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Unmapped roads raise risk to Southeast Asian rainforests — study

  • Researcher Alice Hughes found that roads have penetrated areas previously considered untouched and unreachable by vehicles.
  • An average of 75 percent of roads in five countries were missing from OpenStreetMap (OSM), a mapping platform widely used by researchers and academics.

KUALA LUMPUR: Forests in parts of Southeast Asia face greater threats than previously thought because researchers often rely on data that ignores new roads, which are precursors to deforestation and development, a study shows.
The paper, published this month by the journal Biological Conservation, showed that an average of 75 percent of roads in five countries were missing from OpenStreetMap (OSM), a mapping platform widely used by researchers and academics.
“Large-scale forest clearance is preceded by the growth of road networks, which provide a stark warning for the region’s future,” the study said.
Author Alice Hughes, a researcher at the Chinese Academy of Sciences in Beijing, studied a total of 277,281 square kilometers by analyzing satellite images and maps showing forest loss and coverage, as well as agriculture concessions.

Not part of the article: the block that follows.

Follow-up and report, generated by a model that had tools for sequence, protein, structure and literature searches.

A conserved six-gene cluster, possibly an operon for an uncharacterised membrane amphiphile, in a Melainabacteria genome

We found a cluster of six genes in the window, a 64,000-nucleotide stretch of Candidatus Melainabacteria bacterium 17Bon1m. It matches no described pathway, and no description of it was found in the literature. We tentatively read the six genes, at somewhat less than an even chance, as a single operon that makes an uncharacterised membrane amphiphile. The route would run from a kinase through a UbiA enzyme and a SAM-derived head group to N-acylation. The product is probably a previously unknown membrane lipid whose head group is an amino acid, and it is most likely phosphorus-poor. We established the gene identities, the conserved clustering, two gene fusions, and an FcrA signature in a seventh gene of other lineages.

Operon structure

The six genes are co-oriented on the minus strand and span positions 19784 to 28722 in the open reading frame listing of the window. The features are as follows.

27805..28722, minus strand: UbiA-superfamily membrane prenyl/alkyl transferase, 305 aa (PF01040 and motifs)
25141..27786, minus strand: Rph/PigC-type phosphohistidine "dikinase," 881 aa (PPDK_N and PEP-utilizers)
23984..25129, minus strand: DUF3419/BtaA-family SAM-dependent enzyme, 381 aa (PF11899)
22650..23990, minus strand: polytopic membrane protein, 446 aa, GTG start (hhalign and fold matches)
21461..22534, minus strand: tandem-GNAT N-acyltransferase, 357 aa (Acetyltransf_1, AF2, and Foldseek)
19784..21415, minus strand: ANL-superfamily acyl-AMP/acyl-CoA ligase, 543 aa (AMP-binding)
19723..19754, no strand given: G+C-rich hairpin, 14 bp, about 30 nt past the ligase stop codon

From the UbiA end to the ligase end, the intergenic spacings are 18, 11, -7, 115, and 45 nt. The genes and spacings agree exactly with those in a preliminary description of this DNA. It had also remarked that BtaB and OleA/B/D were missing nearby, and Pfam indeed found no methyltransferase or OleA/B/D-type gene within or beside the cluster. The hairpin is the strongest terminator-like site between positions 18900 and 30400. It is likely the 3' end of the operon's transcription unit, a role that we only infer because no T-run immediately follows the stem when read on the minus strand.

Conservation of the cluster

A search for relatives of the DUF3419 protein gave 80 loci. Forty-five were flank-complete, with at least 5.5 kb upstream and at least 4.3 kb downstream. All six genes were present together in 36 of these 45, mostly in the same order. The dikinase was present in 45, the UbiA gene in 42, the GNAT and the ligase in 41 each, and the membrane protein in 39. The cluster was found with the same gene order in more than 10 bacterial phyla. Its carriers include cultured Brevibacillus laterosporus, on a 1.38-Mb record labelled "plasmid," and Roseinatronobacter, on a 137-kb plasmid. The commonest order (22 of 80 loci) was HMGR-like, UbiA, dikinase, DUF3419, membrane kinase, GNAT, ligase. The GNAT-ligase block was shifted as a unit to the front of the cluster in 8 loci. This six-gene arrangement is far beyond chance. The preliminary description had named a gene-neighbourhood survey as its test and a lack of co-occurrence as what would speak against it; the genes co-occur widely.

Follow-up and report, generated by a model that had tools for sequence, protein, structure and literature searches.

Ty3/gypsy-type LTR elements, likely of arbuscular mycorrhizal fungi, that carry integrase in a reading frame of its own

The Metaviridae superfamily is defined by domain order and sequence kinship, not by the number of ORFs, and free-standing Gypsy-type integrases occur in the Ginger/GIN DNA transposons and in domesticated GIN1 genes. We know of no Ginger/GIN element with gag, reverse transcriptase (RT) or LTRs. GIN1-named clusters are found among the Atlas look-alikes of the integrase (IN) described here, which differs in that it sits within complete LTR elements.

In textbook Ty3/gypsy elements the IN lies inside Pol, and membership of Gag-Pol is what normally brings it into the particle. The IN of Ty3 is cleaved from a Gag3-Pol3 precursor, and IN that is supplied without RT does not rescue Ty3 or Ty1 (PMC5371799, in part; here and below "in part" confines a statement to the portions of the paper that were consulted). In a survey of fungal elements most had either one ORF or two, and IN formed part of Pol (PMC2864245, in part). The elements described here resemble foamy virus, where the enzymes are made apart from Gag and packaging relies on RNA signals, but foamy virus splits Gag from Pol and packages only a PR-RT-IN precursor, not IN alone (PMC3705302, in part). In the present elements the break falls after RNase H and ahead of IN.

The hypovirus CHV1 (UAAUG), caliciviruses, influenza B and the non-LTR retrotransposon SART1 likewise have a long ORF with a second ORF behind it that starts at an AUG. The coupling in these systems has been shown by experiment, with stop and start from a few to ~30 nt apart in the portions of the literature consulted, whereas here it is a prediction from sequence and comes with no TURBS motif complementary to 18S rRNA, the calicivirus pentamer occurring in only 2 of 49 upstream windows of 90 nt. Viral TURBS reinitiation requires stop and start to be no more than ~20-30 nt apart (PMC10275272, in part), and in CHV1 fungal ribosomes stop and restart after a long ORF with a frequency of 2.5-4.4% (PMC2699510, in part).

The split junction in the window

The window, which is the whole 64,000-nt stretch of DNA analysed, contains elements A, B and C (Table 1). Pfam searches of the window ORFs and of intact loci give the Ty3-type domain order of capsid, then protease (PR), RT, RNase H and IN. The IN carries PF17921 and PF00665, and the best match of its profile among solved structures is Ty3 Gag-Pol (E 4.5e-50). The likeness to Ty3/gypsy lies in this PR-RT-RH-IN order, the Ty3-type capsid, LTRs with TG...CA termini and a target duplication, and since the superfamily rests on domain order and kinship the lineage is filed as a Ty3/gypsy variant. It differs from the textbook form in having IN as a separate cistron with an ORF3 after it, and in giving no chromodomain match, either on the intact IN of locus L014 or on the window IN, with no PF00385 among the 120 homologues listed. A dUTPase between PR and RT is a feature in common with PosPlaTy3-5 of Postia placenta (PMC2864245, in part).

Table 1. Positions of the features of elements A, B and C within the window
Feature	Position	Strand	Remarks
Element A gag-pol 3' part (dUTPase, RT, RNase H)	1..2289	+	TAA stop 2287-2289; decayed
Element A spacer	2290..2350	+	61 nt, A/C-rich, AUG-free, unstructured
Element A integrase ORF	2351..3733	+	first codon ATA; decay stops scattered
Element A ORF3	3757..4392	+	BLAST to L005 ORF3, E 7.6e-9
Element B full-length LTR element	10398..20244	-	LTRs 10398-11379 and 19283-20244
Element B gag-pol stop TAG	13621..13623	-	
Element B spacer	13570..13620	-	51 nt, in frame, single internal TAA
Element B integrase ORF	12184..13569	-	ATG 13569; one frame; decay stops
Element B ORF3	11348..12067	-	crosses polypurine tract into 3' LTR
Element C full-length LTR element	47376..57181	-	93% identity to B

She found that roads have penetrated areas previously considered untouched and unreachable by vehicles.
“We are deluding ourselves that we still have large tracts of inaccessible, pristine forest, when the reality is highly-fragmented, very accessible forests,” Hughs said on Friday.
Her research examined road networks in parts of Malaysia, Indonesia, Brunei, Papua New Guinea and the Solomon Islands.
“In some parts of the region, up to 99 percent of roads on those global maps, which are used as the basis for a huge amount of further analysis, are not included,” she told the Thomson Reuters Foundation.
Deforestation and development of forests in the area studied have occurred at a rapid pace since 2000, said Hughes, while maps used by researchers do not regularly update their road data.
“Most of the time these roads are just providing access to forests and up to 99 percent of deforestation is within 2.5 km of road,” she said. “They are clearly the access method.”
She added that the region urgently needs better protection and enforcement for its remaining forests.
Indonesia, which is the world’s biggest palm oil producer, introduced a forest clearing moratorium in 2011 to help reduce deforestation.
Hughes said the ban should be expanded beyond just land designated as natural, untouched primary forest to include all high biodiversity forests.
Hughes’ research methodology should be used to determine whether the same patterns exist in other parts of the world, said Christopher Martius, team leader for climate change at the Indonesia-based Center for International Forestry Research.
“It is surprising that nobody ever did that before, and it is shocking that the result shows we grossly underestimated the possible threat to tropical forests from road building,” he said by email.